NEW DELHI: The government has hiked the cash subsidy it will pay to state-owned oil firms for selling fuel below cost in current fiscal to Rs 65,000 crore but has also hiked the cess upstream firms like ONGC pay on crude oil production to Rs 4,500 per tonne.
“Crude petroleum oil produced in India attracts a cess of Rs 2,500 per tonne under the Oil Industries Development Act. This rate was last revised in Budget 2006-07. As a measure of indexation, I propose to increase the rate of cess to Rs 4,500 per tonne,” Finance Minister Pranab Mukherjee said presenting Budget for 2012-13 in Parliament today.
The increase in cess would result in Oil and Natural Gas Corp (ONGC) paying Rs 4,000 crore extra while Oil India Ltd would have to shell out Rs 800 crore additional. Cairn India, which was recently acquired by mining group Vendanta Resources, would have to shell out about Rs 1,000 crore at peak production from its Rajasthan oil block.
In the Budget, Mukherjee raised compensation the government will pay to Indian Oil Corp, Hindustan Petroleum Corp and Bharat Petroleum Corp for selling diesel, domestic LPG and kerosene to Rs 65,000 crore for current fiscal as against Rs 20,000 crore provisioned in the budget estimate for 2011-12.
The three retailers are projected to lose over Rs 137,000 crore this fiscal, of which 42 per cent would come from upstream firms.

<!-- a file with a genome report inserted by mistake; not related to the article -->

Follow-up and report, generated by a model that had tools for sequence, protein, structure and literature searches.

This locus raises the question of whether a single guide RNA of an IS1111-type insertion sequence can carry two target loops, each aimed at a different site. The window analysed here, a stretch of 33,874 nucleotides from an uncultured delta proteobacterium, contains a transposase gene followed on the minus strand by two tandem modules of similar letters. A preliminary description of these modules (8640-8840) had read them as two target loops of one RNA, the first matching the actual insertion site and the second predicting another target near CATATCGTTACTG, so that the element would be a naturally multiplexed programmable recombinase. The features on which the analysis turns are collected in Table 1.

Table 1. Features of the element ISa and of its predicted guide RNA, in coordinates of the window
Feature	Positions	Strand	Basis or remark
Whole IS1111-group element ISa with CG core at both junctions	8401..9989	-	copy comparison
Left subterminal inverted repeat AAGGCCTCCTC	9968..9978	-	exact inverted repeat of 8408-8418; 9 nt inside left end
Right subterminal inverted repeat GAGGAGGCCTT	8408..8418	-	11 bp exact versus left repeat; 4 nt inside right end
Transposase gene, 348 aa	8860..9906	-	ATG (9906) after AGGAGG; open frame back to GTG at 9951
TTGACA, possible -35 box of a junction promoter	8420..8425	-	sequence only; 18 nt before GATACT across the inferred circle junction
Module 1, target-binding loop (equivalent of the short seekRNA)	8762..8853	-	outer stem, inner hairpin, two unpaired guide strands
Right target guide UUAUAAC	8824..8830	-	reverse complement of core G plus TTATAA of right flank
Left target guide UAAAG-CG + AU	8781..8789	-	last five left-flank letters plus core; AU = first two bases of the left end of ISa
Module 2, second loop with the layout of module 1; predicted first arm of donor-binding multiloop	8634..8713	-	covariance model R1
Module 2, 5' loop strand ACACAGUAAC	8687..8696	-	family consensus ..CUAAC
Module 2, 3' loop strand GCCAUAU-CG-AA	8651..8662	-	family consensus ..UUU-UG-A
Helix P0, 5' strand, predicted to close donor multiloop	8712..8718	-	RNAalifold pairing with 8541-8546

For the 2012-13, he provisioned Rs 40,000 crore towards fuel subsidy. After adding freight subsidy and fixed subsidy provided on PDS kerosene and LPG, the outgo has been pegged at Rs 43,580 crore.
Fuel retailers currently lose Rs 14.73 per litre on diesel, Rs 30.10 per litre on kerosene and Rs 439.50 per 14.2-kg domestic LPG.
“We are looking at all our options. There are terms and provisions in the Production Sharing Contract (PSC) including the fiscal stability clause. We are currently examining these existing provisions and understand how they would apply in this case,” a Cairn India spokesperson said on the increase in cess on domestic crude oil.
Essar Oil Managing Director and CEO L K Gupta said: “We are slightly disappointed that the government has overlooked the sector by delaying any announcement on fuel price deregulation which could have provided level playing field to the private oil marketing companies.”
Non-extension of income tax holiday on refineries beyond March 31, 2012 deprives the country from emerging as a major global hub for export of petroleum products, he said.
Kalpana Jain, Senior Director, Deloitte Touche Tohmatsu India, said direct subsidy in cash compared to bonds is expected to improve the cash and working capital position of oil and gas companies, particularly oil marketing companies as they bear about 24 per cent of the subsidy burden the balance (76 per cent increased from 67 per cent) being split between the upstream companies and government.
Besides, custom duty for some equipments used in Exploration & Production and mining has been brought down to nil which can reduce the cost of operations.